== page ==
• Shortness of breath
  • Chest pain

What is pulsed field ablation and how is it different from the traditional catheter ablation method?

Ablation is a treatment option for AFib that has been used for more than 20 years. During the procedure, a doctor threads a heart catheter from a patient’s leg vein up to the heart.

Traditionally, doctors use thermal (heat) effects to target the cardiac tissues that trigger AFib. However, these methods risk damaging the surrounding vital organs and nerves.

The pulsed field ablation approach uses a series of electric pulses to target and treat Afib by isolating the pulmonary veins. Since these pulses don’t generate heat, the risk of harming other parts of the heart is lessened.

Who qualifies for pulsed field ablation (PFA)?

Pulsed field ablation is for anyone with symptoms of AFib.

Although sometimes AFib can be managed with medication, new 2023 guidelines from the American Heart Association state that, based on scientific evidence, catheter ablation is the superior treatment. AHA has now broadened its recommended patient criteria for early ablations.

Where can I get pulsed field ablation?

UCHealth Medical Center of the Rockies in Loveland, Colorado, UCHealth Parkview Medical Center in Pueblo, Colorado,
and UCHealth Memorial Hospital Central in Colorado Spring, Colorado, offer pulsed field ablation.

Physicians at Medical Center of the Rockies have been involved in pivotal clinical trials to bring this technology to patients and are continuing to enroll patients in clinical trials.  Only a handful of health care systems offer pulsed field ablation throughout the U.S., but that is expected to expand over the coming year, including more UCHealth locations.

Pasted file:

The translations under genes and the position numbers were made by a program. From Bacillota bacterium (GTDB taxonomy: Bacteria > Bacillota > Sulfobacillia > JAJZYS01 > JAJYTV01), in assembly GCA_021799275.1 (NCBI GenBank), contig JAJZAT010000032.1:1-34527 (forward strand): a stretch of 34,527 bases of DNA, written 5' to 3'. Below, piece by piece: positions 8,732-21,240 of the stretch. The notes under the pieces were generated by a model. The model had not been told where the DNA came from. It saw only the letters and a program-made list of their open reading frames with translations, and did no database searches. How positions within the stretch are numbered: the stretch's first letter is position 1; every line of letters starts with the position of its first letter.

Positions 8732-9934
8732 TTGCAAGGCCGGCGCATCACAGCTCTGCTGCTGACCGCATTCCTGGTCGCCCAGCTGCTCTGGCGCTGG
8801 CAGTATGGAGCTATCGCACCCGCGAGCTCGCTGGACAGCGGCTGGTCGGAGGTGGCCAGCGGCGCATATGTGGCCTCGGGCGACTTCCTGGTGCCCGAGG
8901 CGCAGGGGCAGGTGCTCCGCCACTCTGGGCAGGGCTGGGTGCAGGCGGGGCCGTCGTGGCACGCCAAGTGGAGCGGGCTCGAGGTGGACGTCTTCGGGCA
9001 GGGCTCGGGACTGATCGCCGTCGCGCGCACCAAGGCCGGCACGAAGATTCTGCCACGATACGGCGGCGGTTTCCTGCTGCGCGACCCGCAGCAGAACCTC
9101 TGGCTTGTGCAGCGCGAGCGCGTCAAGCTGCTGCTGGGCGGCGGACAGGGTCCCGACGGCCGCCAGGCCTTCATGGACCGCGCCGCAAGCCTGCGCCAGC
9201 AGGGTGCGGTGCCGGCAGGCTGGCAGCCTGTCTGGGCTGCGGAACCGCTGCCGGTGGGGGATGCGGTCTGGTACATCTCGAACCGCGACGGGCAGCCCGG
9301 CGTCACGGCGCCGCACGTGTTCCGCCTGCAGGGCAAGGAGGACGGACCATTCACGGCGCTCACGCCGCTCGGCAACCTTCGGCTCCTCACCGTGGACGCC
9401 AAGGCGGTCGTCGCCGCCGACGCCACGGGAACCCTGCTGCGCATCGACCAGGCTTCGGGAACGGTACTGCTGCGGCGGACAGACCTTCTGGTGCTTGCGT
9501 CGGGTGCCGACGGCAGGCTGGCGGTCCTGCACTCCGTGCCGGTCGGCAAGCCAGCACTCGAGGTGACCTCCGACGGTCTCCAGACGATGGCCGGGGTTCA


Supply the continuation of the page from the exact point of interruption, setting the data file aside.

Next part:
Is pulsed field ablation safe?

Currently, two pulsed field ablation systems have been approved by the U.S. Food and Drug Administration.

The Medtronic PulseSelect Pulsed Field Ablation System received FDA approval in December 2023. The Boston Scientific Corporation Farapulse Pulsed Field Ablation System received FDA approval in January 2024.

Findings from three trials that evaluated pulsed field ablation for the treatment of atrial fibrillation demonstrated the safety and efficacy of the new treatment.

One study found that 73% of patients remained free from AFib at the five-year mark with no noted delayed adverse effects from the treatment.

About the author

Kati Blocker has always been driven to learn and explore the world around her. And every day, as a writer for UCHealth, Kati meets inspiring people, learns about life-saving technology, and gets to know the amazing people who are saving lives each day. Even better, she gets to share their stories with the world.

As a journalism major at the University of Wyoming, Kati wrote for her college newspaper. She also studied abroad in Swansea, Wales, while simultaneously writing for a Colorado metaphysical newspaper.

After college, Kati was a reporter for the Montrose Daily Press and the Telluride Watch, covering education and health care in rural Colorado, as well as city news and business.

When she's not writing, Kati is creating her own stories with her husband Joel and their two young children.